Although not as popular in the media as Physical Therapy, the demand for Occupational Therapy has risen 24% just in the past year, with numbers expected to continue to rise. While Physical Therapy uses exercises and manual therapy to improve strength and range of motion, Occupational Therapy uses similar exercises and activities to improve functional tasks such as self-care, hobbies, and returning to work. Occupational Therapy (OT) treatment focuses on helping people with physical, sensory, or cognitive disability be as independent as possible in all areas of their lives. OT is especially beneficial for individuals who are experiencing:
- Arthritis: an OT may use splinting to support sore joints or aid in improving the use of the hand or arm. Exercises will be used to increase the ability for daily activities such as to cooking, writing, and dressing.
- Neurological Conditions: including stroke, traumatic brain injury, spinal cord injury, Parkinson’s, and Multiple Sclerosis: range of motion, strengthening, and visual perceptual training will be used to improve upper extremity use and activities of daily living with adaptations to the home to improve independence. Strategies used by occupational therapists include activity-based interventions, adaptive techniques, assistive technology, and environmental adaptations.
- Hand Injuries: with custom orthotic fabrication (a.k.a. splinting), an OT can use this to method to help with common hand injuries such as carpal tunnel, trigger finger, lateral/medial epicondylitis, finger fractures, dupuytren, arthritis, and distal radius fracture.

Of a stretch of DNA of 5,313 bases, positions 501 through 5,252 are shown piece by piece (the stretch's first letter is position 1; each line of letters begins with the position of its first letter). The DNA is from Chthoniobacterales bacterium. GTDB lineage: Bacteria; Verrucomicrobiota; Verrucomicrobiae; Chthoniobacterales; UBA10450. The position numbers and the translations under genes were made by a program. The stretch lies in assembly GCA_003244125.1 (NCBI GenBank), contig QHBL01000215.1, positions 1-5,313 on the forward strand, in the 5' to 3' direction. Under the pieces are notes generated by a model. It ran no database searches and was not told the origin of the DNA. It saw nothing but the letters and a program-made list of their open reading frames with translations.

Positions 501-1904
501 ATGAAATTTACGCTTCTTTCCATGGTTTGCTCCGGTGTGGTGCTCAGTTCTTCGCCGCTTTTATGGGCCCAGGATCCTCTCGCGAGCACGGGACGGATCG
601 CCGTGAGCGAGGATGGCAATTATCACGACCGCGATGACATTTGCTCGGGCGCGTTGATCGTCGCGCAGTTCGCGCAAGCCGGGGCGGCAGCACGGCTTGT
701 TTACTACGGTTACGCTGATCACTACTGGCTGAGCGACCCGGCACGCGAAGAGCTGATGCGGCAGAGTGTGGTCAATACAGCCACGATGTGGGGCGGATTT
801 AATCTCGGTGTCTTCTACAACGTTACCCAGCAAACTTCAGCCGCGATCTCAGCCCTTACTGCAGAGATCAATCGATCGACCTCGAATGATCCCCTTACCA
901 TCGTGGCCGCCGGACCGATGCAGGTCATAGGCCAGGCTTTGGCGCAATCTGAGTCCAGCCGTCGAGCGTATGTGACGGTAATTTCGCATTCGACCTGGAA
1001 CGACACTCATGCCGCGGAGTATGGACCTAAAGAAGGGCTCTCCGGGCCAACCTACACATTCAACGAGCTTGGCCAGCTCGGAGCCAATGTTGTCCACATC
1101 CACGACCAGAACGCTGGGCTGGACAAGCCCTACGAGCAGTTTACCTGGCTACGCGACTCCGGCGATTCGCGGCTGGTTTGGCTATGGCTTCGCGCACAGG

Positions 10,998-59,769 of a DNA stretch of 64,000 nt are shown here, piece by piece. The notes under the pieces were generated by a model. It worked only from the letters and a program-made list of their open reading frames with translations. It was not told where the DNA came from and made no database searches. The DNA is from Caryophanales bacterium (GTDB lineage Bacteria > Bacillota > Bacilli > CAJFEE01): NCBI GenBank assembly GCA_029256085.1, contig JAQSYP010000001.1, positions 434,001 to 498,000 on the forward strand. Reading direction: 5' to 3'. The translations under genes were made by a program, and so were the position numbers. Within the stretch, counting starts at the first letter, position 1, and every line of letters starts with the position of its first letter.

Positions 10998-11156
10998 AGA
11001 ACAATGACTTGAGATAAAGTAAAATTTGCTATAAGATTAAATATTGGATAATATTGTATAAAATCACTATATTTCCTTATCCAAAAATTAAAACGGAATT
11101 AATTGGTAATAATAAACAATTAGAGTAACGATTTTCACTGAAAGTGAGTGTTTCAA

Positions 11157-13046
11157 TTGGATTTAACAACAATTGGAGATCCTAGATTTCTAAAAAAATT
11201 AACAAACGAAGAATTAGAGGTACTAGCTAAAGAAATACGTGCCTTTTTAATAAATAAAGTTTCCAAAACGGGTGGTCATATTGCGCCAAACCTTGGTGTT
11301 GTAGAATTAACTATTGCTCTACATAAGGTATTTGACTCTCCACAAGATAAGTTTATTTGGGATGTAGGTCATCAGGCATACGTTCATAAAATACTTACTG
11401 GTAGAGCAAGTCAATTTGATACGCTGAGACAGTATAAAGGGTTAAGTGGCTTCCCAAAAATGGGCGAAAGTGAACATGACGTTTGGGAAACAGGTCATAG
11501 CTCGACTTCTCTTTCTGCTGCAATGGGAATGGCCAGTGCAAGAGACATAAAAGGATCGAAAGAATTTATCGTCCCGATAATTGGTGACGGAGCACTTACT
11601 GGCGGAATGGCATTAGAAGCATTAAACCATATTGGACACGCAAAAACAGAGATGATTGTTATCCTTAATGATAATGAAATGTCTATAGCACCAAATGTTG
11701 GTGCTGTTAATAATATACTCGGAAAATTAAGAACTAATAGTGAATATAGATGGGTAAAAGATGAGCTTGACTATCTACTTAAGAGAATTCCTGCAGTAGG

- Developmental Delay: for children with developmental delays, occupational therapy can help improve their motor, cognitive, sensory processing, communication, and play skills. The goal is to enhance their development, minimize the potential for developmental delay, and help families meet the special needs of their infants and toddlers.
- Spinal Injury: Spinal injury rehabilitation will vary from patient to patient. OT’s will help reduce barriers, gain independence, and facilitate rehabilitation.
- Tendonitis: Tendonitis is a temporary condition that can affect the ability to perform the basic activities of our day. An occupational therapist will be able to identify what problems the condition may cause and assist with rehabilitation.
- Functional Rehabilitation: an OT can assess the areas of functional difficulty in day-to-day life to identify focus for rehabilitation. Whether it is bathing, planting, cooking or simply dressing, customized treatment plans ensure that maximum levels of independence are reached across all areas of day-to-day life.
Alliance Orthopedics is proud to present the newest member of our growing team, Occupational Therapist Todd!